Unionised Hyundai Motor workers in South Korea have agreed to end strikes that may have cost the company over KRW900bn (US$847m) in lost output after they accepted the carmaker’s proposal to increase pay.

A tentative accord between labour representatives and Hyundai that included raising monthly base salaries by KRW98,000 was backed by the company’s 47,000 guild members, union spokesman Hwang Ki Tae told Bloomberg News.

The agreement helps end strikes that are estimated to have cost the company more than 40,000 vehicles in lost production, according to some analysts.

In addition to the base salary increase, the wage agreement includes a one-time payout of KRW8.9m and bonuses worth 450% of a worker’s monthly salary Bloomberg said, citing a statement on the union’s website. This is equivalent to an average of KRW27.2m extra per person on an annual basis, according to the statement.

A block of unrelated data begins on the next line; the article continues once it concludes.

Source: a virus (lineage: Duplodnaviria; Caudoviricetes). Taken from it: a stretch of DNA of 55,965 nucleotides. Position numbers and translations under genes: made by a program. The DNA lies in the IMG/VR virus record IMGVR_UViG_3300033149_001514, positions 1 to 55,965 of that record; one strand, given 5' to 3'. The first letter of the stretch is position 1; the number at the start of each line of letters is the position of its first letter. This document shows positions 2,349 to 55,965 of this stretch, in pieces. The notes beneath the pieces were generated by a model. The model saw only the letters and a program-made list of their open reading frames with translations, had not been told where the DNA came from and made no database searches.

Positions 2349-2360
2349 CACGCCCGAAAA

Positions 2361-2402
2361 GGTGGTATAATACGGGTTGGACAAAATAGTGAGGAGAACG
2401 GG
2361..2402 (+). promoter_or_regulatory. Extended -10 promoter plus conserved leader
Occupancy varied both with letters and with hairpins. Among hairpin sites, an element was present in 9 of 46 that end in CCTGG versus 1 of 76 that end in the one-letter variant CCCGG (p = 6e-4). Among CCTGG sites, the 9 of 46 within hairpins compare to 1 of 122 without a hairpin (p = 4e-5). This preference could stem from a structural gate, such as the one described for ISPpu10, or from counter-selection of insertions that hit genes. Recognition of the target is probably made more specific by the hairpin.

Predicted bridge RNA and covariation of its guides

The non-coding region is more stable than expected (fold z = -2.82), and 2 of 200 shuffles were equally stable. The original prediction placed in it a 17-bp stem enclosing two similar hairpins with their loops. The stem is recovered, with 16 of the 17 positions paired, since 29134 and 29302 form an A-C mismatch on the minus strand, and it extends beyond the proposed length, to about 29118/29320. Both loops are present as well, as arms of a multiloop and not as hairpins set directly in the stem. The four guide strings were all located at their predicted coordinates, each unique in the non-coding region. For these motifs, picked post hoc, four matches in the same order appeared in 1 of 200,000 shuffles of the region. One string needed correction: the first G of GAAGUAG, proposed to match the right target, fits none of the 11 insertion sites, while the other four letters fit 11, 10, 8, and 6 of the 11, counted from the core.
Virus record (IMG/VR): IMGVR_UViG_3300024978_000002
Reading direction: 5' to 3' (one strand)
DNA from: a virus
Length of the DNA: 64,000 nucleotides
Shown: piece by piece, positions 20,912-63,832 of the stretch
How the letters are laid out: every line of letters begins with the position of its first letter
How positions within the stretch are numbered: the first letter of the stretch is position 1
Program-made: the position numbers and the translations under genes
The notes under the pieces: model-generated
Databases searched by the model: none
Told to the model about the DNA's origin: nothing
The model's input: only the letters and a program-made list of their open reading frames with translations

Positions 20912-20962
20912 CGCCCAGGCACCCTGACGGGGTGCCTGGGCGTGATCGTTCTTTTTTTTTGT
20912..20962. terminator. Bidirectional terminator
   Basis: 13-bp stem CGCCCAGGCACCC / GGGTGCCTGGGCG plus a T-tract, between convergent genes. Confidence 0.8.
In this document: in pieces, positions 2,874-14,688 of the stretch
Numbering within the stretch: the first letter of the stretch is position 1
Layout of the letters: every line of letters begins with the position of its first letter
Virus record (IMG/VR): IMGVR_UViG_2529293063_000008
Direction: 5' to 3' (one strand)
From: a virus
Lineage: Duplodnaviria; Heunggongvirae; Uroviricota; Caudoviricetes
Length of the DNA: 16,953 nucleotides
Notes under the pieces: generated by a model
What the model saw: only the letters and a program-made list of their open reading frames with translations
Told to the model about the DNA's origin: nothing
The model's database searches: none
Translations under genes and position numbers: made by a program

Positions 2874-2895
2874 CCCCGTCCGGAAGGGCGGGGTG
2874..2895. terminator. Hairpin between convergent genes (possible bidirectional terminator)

The report noted bonuses had been at the centre of this year’s annual wage negotiations after the country’s supreme court ruled in December that periodic bonuses and other compensation must be included in workers’ base pay. Hyundai and affiliate Kia Motors had been sued in court by their unions over the issue, with verdicts still pending.

The company probably lost about 40,000 vehicles of output, equivalent to more than KRW900bn, from the partial strikes that began on 22 August, according to the average of five analysts’ estimates in a Bloomberg News survey.

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